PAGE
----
I saw it on the walls of Bargain Stores in 1982 (alas, Bargain Stores, theatre of dreams to many young guitarists in North Wales, is no more). TV Yellow with 34 years of knicks and bumps. That body shape, that neck join, simplicity elevated to high art. The 1958 Les Paul Junior.
Even now, there is something
about a stripped down double cutaway Les Paul that gets my juices flowing. Is it the austerity that strips away all the glintz and flab that make many Standards so uninspiring? But despite being a design classic since 1958 Gibson seem unsure about how to treat it, and for long periods of time it was never available for sale at all.
But as part of the …controversial… 2015 line up, it’s back, kinda. And what we have here is something that raises a glass to the legend of the past but which also takes many of the contemporary tropes of Gibson’s view of the future, with mixed results.
But first impressions first, I open the really rather nice Gibson hard case that is standard for 2015 and pull out something that looks a long way from the classic LP double cut. The horns are more pronounced and rounded and the neck join is much further down the neck compared to the 1958 neck join. More robust I’m sure but you lose some of that upper note access and it is just not as elegant as I had hoped.
The effect is not ugly by any means and the whole guitar is much closer in appearance to some early 1980s solid 335s – it is an attractive guitar, but lacks that extraordinary timeless elegance of the LP junior doublecut.
My guitar was finished in Heritage Cherry nitro and like most of the cheaper Gibsons I’ve played over the last year the finish is pretty much flawless. The body is multi piece but the matching had been done very well on this one and you would struggle to see the join. There is no routing or elegant curves here, you get a solid, flat lump of pretty dense mahogany. It feels heavy for a guitar that is quite small but felt comfortable both standing and sitting. Though after a two hour gig, you may feel differently.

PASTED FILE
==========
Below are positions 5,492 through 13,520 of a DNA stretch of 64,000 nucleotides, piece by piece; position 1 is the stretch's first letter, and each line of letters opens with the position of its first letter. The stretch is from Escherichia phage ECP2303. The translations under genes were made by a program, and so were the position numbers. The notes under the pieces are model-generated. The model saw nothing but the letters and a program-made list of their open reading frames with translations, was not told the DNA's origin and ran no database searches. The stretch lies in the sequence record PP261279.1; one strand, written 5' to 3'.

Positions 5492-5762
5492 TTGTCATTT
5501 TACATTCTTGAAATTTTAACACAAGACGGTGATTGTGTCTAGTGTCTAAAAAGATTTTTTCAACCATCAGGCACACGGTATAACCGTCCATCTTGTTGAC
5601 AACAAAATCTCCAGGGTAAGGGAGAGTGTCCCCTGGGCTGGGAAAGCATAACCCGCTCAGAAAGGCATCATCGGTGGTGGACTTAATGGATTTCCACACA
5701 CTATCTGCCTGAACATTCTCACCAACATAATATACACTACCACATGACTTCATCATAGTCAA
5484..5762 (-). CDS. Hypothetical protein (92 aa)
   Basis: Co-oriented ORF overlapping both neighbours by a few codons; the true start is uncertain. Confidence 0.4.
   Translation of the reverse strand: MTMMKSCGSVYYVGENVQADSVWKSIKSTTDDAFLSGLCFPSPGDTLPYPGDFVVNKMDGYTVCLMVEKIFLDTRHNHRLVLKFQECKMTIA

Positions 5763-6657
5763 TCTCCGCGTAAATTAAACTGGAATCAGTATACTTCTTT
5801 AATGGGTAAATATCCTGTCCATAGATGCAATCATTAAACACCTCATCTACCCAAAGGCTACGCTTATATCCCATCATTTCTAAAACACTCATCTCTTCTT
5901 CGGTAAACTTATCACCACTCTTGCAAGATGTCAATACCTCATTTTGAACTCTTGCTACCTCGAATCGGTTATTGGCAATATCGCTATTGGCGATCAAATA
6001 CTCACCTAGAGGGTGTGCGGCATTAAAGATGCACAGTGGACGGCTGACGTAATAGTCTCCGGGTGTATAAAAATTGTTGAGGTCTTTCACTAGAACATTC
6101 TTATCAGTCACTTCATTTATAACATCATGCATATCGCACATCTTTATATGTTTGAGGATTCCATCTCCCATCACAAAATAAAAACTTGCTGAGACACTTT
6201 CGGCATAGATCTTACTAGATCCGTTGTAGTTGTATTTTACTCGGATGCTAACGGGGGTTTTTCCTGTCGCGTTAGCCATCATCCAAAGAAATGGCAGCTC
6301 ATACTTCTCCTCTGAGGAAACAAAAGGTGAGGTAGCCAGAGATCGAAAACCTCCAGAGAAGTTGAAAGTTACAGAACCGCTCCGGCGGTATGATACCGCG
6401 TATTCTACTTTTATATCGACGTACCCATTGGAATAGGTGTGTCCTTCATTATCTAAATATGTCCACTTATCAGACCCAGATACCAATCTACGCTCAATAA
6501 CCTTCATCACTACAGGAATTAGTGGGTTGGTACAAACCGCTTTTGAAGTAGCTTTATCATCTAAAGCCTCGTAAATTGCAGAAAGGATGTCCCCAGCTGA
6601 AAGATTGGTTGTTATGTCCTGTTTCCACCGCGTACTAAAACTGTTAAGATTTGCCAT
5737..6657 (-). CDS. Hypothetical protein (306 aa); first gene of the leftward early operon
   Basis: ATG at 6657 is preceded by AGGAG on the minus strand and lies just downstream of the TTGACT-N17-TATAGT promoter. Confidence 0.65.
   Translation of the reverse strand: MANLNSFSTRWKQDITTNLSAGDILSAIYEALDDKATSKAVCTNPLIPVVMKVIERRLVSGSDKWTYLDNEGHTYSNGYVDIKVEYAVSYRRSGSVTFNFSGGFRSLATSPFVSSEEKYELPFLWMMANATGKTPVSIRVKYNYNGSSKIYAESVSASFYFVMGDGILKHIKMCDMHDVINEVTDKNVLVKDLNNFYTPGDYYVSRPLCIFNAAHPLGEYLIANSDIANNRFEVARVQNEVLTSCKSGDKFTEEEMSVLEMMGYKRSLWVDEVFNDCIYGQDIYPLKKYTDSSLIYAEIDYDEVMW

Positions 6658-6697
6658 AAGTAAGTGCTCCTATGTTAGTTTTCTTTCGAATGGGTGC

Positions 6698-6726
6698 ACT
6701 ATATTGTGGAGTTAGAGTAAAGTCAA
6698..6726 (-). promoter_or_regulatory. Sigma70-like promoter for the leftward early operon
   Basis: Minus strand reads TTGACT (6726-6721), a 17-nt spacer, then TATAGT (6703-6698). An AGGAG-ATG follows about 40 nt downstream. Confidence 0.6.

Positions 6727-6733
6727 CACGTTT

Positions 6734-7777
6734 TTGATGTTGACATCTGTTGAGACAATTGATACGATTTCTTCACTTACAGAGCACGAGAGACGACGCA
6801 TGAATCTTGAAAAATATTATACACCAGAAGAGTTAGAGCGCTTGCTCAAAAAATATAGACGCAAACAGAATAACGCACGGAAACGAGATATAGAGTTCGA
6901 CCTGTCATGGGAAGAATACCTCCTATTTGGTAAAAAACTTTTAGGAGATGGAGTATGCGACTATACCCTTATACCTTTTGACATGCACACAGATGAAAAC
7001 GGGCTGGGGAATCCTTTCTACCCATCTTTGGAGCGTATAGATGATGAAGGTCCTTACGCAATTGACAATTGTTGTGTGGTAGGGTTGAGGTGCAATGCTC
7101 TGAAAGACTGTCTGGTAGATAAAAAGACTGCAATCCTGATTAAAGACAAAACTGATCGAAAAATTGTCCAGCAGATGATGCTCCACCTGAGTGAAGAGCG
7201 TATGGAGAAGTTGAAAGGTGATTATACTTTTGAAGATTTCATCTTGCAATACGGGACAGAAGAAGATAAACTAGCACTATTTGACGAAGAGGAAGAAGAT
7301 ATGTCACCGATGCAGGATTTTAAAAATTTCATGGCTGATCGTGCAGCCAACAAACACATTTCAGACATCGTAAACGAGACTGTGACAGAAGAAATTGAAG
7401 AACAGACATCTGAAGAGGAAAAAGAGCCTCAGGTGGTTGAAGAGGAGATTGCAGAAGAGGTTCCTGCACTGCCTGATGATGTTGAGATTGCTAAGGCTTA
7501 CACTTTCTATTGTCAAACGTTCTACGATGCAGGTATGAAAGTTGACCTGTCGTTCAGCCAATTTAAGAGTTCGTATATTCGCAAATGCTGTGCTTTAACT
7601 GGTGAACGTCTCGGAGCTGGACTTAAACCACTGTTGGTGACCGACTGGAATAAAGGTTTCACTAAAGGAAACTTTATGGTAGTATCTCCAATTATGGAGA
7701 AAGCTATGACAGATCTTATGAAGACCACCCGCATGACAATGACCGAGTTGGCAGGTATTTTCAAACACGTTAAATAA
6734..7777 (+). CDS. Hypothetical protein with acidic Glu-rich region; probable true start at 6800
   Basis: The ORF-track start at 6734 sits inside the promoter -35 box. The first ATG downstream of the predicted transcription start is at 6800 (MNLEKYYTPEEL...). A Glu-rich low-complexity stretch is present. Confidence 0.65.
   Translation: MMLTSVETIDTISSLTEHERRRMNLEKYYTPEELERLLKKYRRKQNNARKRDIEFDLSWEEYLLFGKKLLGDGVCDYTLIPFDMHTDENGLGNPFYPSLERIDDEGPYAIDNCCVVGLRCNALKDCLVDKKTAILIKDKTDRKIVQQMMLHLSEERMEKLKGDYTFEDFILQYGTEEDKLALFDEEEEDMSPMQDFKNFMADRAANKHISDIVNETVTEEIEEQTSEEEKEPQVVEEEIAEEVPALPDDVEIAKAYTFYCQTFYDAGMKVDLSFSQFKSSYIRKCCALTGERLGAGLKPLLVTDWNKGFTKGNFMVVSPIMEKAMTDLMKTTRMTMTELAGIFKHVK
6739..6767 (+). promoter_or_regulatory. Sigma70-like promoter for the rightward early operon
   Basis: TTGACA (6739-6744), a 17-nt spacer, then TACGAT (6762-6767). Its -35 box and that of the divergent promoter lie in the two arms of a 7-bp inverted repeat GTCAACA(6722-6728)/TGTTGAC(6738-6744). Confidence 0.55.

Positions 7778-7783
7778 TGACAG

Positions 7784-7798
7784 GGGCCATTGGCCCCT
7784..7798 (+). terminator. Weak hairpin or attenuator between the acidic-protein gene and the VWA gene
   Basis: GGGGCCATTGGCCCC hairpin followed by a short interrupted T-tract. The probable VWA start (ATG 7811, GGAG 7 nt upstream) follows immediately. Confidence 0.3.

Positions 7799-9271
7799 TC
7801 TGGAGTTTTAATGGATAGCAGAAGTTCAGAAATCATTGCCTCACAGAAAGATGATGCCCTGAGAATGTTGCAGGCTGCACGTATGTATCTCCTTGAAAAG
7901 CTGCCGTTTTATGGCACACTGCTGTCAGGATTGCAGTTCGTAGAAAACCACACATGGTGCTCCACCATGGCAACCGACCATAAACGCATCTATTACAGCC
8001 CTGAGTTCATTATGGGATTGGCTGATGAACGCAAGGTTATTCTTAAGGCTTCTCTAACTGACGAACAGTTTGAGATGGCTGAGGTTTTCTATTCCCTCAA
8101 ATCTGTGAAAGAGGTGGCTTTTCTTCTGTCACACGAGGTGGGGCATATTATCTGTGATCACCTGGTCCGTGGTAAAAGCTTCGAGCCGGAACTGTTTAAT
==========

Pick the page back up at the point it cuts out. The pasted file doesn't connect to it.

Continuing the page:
The neck is a single piece of mahogany with a decent slab of rosewood on top. It’s binded, a surprise considering the plainness of the body. It is also wide – I’ll be going into more detail when I play the thing, but the 2015 neck width and profile has got message boards and comments here more than a little heated up.
But finishing is pretty good with neatly applied binding and well polished frets. Indeed the setup – once again a common feature with cheap Gibsons over the past 2 years – is very good right out of the case with only a little alteration of the bridge required.
At the top you have the oddly annoying Les Paul 100 silk screened on and the even more annoying hologram at the back. Peg heads are the G-force robotic tuners. AND I KNOW THAT YOU ALL HAVE AN OPINION ON THESE…..but this is what we have, Gibson have decreed that you have to use them and I’ll be returning to the subject when I play the thing.
The rest of the hardware is a couple of black P90s that look a little cheap, a wrap-round bridge that looks even cheaper and a couple of rather flimsy knobs and a switch.
But the whole effect is of a solidly put together guitar, well finished and very attractive but looking tough and stripped down enough for some serious gigging. But what does it sound like and what does it feel like to play…..I’ll tell you tomorrow.